Armchairs reupholstered with a Colefax and Fowler check provide comfortable seating in the master bedroom. Triggs upholstered a Bailey bench by Jayson Home with a stripe by Elizabeth Eakins to place at the foot of the bed. The Rittenhouse chandelier is by Arteriors.

Triggs kept the master suite predominantly tone-on-tone and selected a check for two upholstered chairs in a sitting area to work in concert with the stripes covering a bench at the foot of the bed. A leaf pattern marks the Roman shades. “Playing with the size of the prints is what keeps the room interesting,” she says. The master suite is also enhanced with 6-inch-wide tongue-and-groove planks, which feature a coffered ceiling to distinguish the adjacent sitting area.

Backyard Shaded by an Existing Oak with Pool

The house was sited so that the property’s existing oak would shade the rear porch, where a swing by Vintage Porch Swings sways next to a pair of rush chairs by Redford House wearing a Thibaut fabric. Scenic Scapes installed the landscape, including the salt-water swimming pool, and specified the smaller plantings. Landscape architect John Dalrymple created soft grassy sections around the lot.

When it came to siting the house on that property, the architectural duo conducted a series of light studies. “We determined where the trees would cast shadows and decided the optimal placement for the house was the center of the property,” says Barber, who positioned the pool in the sunniest locale. “The wife wanted the landscape to be soft,” he adds, “so there are large grassy sections in front, which continue around to the back and provide softness while connecting the whole house to the landscape.”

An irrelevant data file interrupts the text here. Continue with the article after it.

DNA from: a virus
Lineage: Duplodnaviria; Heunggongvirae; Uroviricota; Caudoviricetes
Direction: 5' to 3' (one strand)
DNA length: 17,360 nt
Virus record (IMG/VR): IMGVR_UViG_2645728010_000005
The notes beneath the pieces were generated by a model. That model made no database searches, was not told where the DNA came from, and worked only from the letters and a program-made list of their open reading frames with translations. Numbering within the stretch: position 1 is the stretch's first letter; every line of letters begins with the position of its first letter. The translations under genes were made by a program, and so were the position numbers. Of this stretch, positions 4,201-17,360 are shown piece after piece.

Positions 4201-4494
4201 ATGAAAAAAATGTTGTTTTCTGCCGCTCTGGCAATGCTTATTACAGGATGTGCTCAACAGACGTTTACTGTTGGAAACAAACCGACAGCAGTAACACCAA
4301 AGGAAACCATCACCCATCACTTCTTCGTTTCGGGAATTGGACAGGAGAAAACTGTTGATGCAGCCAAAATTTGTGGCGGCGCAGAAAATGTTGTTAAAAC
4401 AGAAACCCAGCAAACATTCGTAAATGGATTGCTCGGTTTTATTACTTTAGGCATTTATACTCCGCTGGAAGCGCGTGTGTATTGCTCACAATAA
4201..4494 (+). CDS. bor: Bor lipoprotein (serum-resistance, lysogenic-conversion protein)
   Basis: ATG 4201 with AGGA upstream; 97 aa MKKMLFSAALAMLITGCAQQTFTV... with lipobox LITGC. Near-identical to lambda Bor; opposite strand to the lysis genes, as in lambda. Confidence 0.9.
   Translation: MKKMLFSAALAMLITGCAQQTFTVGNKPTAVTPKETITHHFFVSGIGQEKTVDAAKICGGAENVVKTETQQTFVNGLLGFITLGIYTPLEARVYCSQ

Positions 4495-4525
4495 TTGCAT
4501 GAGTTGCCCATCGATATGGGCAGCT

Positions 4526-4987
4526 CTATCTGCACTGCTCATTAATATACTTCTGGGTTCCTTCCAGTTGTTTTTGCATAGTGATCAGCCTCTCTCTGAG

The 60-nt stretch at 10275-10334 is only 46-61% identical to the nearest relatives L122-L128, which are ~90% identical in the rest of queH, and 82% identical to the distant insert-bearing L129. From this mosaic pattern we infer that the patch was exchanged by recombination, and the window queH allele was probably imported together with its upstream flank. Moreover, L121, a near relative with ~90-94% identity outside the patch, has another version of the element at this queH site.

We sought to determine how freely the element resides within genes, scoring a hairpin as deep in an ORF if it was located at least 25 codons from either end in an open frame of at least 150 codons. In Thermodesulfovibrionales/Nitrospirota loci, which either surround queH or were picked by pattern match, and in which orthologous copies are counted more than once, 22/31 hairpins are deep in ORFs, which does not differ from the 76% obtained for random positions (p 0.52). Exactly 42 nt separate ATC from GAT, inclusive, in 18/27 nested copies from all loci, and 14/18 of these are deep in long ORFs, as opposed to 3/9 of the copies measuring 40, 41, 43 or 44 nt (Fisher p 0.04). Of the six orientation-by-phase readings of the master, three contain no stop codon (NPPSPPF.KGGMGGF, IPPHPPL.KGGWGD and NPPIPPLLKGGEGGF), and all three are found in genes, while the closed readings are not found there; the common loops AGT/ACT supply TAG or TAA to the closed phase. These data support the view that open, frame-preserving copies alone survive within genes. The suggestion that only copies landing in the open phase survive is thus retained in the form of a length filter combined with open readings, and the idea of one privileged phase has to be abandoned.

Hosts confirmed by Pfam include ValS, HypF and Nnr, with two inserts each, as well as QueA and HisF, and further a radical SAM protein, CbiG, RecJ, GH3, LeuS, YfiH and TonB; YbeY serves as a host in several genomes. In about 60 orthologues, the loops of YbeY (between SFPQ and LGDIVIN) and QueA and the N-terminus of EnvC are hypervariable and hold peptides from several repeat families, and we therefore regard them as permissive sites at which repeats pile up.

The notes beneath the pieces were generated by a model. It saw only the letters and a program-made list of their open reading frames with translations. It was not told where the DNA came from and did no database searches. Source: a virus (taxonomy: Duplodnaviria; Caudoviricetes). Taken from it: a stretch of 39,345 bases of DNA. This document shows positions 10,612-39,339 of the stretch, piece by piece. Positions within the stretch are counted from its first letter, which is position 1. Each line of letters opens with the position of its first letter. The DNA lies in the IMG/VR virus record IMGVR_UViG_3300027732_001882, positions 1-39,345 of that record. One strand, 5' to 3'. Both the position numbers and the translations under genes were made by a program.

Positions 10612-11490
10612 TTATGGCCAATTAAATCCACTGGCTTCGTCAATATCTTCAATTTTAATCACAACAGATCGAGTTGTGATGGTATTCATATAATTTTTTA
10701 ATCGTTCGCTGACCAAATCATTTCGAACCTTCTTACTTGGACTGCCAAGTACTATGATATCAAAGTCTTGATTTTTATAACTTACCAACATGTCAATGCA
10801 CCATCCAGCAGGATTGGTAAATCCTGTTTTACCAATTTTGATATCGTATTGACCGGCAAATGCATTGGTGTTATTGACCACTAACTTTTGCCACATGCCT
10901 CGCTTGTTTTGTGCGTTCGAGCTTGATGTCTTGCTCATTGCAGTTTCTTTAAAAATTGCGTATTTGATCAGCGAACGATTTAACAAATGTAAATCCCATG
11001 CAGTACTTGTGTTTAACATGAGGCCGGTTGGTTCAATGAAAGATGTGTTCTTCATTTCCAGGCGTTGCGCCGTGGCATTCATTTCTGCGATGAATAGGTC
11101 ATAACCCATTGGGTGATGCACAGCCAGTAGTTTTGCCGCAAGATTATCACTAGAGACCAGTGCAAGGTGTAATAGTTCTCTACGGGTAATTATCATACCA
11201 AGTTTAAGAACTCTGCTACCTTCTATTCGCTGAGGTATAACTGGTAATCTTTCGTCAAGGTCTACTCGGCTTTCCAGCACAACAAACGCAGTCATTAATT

For most of us, there are certain sights and sounds that instantly evoke memories of our childhood homes. The crunch of leaves underfoot on a cool fall afternoon or smoke rising from a grill at a family gathering are all it takes to instantly transport many people right into their old backyards. For one couple with roots in the South, it was likely recollections of a screen door slamming or sipping ice-cold lemonade on a porch swing on a hot summer night that drove the decision to build a home that evoked the spirit of their childhood domiciles. “They wanted to create a house for their children that had the feel and the character of where they both grew up,” says designer Tineke Triggs. “That meant including things like the wraparound porches you’d find on a beautiful old plantation house.” 

A coveted 1-acre flag lot in Atherton offered up the perfect backdrop. After scraping a 1950s ranch-style structure, Los Angeles-based architect Tim Barber and senior project manager Kirk Snyder crafted a classically proportioned Georgian-style home with clapboard siding and a cedar shake roof to take its place. The house stretches five bays wide and is marked by a timeless gable over the front door. “There are enough big porches and screen doors to capture the outdoor living feel reminiscent of their youth,” Snyder says. “And fortunately, that idea translates well to Northern California.”

When it came to furnishings, Triggs saw it as her mission to respect the architecture while still being mindful of the youthfulness of her clients. “I wanted to work with traditional pieces, but not things that felt stuffy or like your grandmother’s house,” says the designer, who utilized transitional fabrics to support that concept. 

But if there’s any question about the home’s overall intent, the sight of the swing suspended by ropes on the back porch is a reminder that it’s time to slow down and go looking for that pitcher of lemonade. 

Mindy Pantiel